Travel is our opportunity to wade out from the rushing stream of daily life and lay down on the soft grass on the bank. Rest your head, close your eyes, let the sunlight filter red through your eyelids as the insects whir in the distance and the babble of the water fades to background noise.
I love the birth of small routines when away from home for a number of days. The walk from my hotel in Spain to get my daily morning coffee. The propping of my pillows each night in Mexico to sit and read and be able to gaze up and out upon the city spread below our epic windows. This week while at my Quaker yearly meeting in Greensboro, my favorite time of day has become skipping one session after lunch in order to have some time in quiet solitude. I can’t bear to spend the entirety of the day inside when the weather has been unexpectedly glorious–a rare reprieve from the oppressive tyranny of Southern summer is not to be ignored. The campus grounds are lush with green and shade and pleasing simply to gaze upon. I take brief walks down the college pathways–I’ve always enjoyed the atmosphere of campuses, the saturation of expectant knowledge, the vibrancy of the young souls gathered. Even when they are not physically present, I enjoy the aura that permeates.
My habit each day has been to squirrel away two cookies from the lunch buffet, grab a cup of sweet tea, and venture forth to seek a quiet corner to read, write, or stare into space while enjoying the creamy breeze. Today I lucked out with a vacant front porch on one of the residence halls. It is everything Southern: grand columns, a row of rocking chairs, a porch swing upon which I now recline. Yesterday it was full up with those chattering in conversation so I went on past in my preference for solitude. I took a rocking chair on a small plaza in front of the student library. After sitting a minute, I was charmed to discover that I could overhear through the nearby walls a piano practice session. We’ve been pleased to share the campus with a summer gathering of music students. As I later rose to leave, I lingered to eavesdrop a minute outside one of the windows.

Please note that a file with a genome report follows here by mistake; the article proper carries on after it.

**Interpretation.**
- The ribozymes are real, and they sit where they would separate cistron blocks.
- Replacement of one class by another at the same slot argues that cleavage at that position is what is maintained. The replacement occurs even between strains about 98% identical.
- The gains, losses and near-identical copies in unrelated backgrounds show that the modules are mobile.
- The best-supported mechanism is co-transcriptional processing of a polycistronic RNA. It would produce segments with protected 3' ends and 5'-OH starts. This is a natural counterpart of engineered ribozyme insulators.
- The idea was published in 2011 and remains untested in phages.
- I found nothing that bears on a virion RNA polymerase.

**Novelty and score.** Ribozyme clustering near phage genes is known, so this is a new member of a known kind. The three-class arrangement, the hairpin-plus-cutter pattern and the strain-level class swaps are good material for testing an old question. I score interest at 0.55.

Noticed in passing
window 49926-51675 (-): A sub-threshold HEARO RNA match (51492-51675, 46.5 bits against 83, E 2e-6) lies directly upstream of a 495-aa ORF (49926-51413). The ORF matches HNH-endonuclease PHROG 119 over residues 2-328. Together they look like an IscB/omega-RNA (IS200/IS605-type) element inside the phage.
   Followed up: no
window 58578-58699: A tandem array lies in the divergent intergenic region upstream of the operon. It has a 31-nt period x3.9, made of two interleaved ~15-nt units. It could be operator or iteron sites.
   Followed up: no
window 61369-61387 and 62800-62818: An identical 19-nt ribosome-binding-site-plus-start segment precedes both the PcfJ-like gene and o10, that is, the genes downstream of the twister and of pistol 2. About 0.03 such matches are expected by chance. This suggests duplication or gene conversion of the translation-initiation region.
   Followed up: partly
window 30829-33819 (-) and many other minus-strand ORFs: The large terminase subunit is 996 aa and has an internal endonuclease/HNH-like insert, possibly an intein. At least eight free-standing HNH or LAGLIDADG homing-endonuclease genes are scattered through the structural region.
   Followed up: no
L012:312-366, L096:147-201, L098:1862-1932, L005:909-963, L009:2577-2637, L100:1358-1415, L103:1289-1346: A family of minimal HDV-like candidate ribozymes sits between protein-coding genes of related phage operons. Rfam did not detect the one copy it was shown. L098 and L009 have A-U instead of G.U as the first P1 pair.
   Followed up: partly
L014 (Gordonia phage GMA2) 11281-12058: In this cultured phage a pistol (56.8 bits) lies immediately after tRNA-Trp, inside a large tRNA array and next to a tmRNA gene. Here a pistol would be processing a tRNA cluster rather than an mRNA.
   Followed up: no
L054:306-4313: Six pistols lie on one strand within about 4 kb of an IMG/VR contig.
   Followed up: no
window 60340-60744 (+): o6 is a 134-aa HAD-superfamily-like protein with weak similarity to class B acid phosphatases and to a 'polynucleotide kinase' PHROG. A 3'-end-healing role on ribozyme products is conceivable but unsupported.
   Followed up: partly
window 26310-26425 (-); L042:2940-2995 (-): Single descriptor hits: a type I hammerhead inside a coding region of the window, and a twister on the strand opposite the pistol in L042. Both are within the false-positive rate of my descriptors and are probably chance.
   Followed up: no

The last day of a retreat is always bittersweet as the blissful balm of isolation from the cares of the world threatens its imminent removal. We were granted a bit of magic our final night as a handful of us gathered on a porch with a low fiddler serenading our quiet conversation. The trees hummed along with their life within; a peek of stars up above the leafy roof reminded me of what I miss by being a city-dweller. Long we lingered, reluctant to release the bonds of camaraderie.
It’s pure glory out. Just enough sun dappling us through the pines, just enough breeze to soothe, music just loud enough to not overwhelm, just enough company to be pleased yet not burdened, just enough bitter in the beer to savor the smooth.
Sunday in the South and all is well and fine and just enough.
Last week I headed down to Wilmington with my youngest daughter–I’d had such a hankering to go down and finally we had a day warm enough to allow for walking around. Every time I cross the bridge over the Cape Fear River and see Wilmy glistening and beckoning in the sun, my soul heaves a sigh–it is such a beautiful little city and my love for it has never diminished.